The National Ignition Facility

Darren Handoko
March 21, 2014

Submitted as coursework for PH241, Stanford University, Winter 2014

The Dream

Fig. 1:The preamplifiers increase the energy of the laser beams as they make their way to the target chamber. (Source: Wikipedia Commons)

Scientists have long dreamed of harnessing the power of nuclear fusion. Our own sun runs on the fusion of hydrogen atoms to form helium. If mankind is somehow able to manage a self-sustaining nuclear fusion reaction, it could provide limitless clean energy for the world. The National Ignition Facility (NIF) at Lawrence Livermore National Laboratory is precisely working on this exact task, and while the possibility of a net-positive nuclear fusion reaction is still in the remote future, scientists at NIF are making amazing discoveries about the way matter behaves at extremely high temperatures and pressures.

Nuclear Fusion

The energy released from the fusion of two light nuclei originates from the interplay of two opposing forces, the nuclear force which makes protons and neutrons stick, and the Coulomb force which causes protons to repel each other. The strong nuclear force is what holds the nuclei together, despite the strong electric repulsion between the positively charged protons. This nuclear force is stronger than the Coulomb force for atomic nuclei (for elements smaller than iron and nickel), so the fusion of lighter nuclei releases the extra energy from the net attraction of these particles.

The newly fused nucleus is lighter than the sum of the masses of its components, and since mass is energy by Einstein's famous equation, the lost mass is released as energy. For example, in the fusion of two hydrogen nuclei to form helium, 0.7% of the mass is converted into energy.[1] It is this released energy that powers the stars and scientists hope to one day be able to harness. It takes a considerable amount of initial energy, however, to force the nuclei to fuse.

The National Ignition Facility

The National Ignition Facility, or NIF, is a stadium-sized laser-based inertial confinement fusion research device that contains a 192-beam, 1.8-megajoule, 500-terawatt, ultraviolet laser system together with a 10-meter-diameter chamber and room for diagnostics. [2] At NIF, the energy of 192 giant laser beams are focused on a BB-sized target filled with hydrogen fuel, with the aim to fuse the hydrogen nuclei and release many times more energy than it took to initiate the fusion reaction.

The beams from NIF begin with nanojoule sized pulses, which are divided first into 48 beams and passed through amplifiers. These beams are divided further into a total of 192 beams, each about 40 cm square, that then pass through neodymium glass amplifiers that ultimately bring the beam to 4 MJ of 1051 nm laser light. The infrared light at 1051 nm is then converted into ultraviolet light by passing through a single crystal of potassium dihydrogen phosphate (KDP). The KDP cystal sheets convert the 1051 nm light first to 526 nm, then to 351 nm by a second KDP crystal. The ultraviolet light enters the 10 m diameter target chamber where the beams are focused onto the inside walls of a hohlraum, a small metal cylinder that houses the pellet of deuterium and tritium fuel. The laser light produces x-rays inside the hohlraum that heat and compress the DT fuel to temperatures of over 20 to 40 million degrees, enough to initiate nuclear fusion. [3]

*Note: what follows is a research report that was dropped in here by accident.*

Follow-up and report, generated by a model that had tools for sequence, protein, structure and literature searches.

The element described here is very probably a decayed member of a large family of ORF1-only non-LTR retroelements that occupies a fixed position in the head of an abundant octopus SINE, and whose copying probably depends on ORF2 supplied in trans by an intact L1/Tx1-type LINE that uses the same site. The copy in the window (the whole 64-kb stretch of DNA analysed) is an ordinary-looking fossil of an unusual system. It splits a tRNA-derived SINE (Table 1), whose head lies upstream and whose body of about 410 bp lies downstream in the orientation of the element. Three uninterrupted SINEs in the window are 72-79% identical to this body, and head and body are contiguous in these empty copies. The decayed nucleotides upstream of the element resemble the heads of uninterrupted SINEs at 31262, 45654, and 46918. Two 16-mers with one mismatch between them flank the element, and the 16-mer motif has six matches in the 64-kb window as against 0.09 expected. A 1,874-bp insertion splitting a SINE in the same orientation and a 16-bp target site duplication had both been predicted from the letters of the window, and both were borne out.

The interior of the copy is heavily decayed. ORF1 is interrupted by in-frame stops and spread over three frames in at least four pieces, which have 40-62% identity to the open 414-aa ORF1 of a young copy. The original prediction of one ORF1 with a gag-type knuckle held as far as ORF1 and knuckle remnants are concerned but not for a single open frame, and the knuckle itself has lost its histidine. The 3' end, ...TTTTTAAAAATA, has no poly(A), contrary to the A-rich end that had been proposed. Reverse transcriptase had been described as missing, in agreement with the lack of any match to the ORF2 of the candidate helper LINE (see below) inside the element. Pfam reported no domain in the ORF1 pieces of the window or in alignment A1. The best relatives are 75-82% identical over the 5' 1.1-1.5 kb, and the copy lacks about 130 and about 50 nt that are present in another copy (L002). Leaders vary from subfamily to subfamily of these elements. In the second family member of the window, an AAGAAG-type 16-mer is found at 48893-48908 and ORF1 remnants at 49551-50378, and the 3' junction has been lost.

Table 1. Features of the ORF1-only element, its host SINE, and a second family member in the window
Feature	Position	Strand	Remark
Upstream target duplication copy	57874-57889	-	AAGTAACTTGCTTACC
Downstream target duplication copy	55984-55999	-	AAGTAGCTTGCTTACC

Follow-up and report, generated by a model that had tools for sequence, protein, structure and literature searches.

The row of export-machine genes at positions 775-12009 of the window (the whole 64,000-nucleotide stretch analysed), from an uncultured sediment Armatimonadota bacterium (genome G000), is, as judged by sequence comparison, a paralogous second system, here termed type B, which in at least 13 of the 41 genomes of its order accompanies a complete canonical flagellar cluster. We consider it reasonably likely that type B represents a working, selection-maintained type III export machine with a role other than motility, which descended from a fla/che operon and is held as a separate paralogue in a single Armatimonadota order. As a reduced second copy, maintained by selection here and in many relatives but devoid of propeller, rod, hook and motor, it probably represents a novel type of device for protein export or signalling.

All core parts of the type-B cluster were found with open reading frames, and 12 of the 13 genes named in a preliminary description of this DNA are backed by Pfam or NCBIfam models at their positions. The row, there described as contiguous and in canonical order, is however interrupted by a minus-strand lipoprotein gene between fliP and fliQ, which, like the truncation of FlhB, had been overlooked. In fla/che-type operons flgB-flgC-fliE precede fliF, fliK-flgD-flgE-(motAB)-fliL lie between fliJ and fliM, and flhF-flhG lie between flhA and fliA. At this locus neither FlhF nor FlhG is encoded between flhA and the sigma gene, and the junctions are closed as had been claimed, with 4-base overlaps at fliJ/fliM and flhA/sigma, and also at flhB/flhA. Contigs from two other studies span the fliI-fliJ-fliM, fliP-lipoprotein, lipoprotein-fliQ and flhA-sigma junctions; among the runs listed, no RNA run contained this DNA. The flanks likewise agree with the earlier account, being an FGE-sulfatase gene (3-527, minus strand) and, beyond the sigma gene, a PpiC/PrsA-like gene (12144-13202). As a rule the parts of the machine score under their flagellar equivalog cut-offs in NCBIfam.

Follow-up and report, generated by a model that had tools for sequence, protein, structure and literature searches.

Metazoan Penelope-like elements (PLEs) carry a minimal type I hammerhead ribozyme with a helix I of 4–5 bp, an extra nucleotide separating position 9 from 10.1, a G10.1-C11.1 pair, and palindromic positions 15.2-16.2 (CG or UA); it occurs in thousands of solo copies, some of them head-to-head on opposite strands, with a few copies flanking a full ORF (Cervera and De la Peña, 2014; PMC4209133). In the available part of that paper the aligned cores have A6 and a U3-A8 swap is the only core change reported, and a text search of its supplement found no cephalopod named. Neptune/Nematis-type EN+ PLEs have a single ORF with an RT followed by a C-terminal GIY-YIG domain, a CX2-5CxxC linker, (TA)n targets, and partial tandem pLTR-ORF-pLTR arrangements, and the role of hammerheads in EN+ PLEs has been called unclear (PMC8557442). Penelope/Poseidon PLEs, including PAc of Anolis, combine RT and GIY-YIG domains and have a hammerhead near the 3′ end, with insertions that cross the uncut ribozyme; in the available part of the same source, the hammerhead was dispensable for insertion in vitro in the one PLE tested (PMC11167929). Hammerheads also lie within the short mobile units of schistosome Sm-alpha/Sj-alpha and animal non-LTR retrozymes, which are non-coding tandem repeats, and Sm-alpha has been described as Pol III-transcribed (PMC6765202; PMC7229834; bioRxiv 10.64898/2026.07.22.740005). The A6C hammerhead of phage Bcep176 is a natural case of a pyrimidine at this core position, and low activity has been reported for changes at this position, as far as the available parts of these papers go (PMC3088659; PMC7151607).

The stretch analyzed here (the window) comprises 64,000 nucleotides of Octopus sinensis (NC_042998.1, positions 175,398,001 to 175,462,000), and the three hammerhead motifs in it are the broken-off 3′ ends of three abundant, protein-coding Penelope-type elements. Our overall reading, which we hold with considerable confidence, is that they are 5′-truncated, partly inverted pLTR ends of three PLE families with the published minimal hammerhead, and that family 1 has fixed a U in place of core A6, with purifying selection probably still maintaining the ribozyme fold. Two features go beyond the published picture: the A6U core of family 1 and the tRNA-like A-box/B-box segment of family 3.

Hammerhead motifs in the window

Fusion Research Today

As of October 7, 2013, NIF reported that, for the first time, the fuel capsule gave off more energy than was absorbed by the fuel, a crucial milestone towards commercialization of fusion energy. The 14 kJ output of the reaction, however, is significantly less than the total amount of energy used to run the laser - 1.8 MJ. Only 10-20% of the laser energy initially input is actually absorbed by the capsule. The rest of the energy ends up as scattered light, heat, and x-rays that do not contribute to the fusion reaction. [4]

© Darren Handoko. The author grants permission to copy, distribute and display this work in unaltered form, with attribution to the author, for noncommercial purposes only. All other rights, including commercial rights, are reserved to the author.


[1] Bethe, Hans A. "The Hydrogen Bomb," Bull. Atomic Scientists 6, No. 4, 99 (April, 1950)

[2] G. H. Miller, E. I. Moses, and C. R. Wuest, "The National Ignition Facility," Opt. Eng. 43, 2841 (2004).

[3] E. I. Moses et al., "The National Ignition Facility: Ushering a New Age for High Energy Density Science." Phys. Plasmas 16 041006 (2009).

[4] P. Rincon, "Nuclear Fusion Milestone Passed at US Lab," BBC News, 7 Oct 13.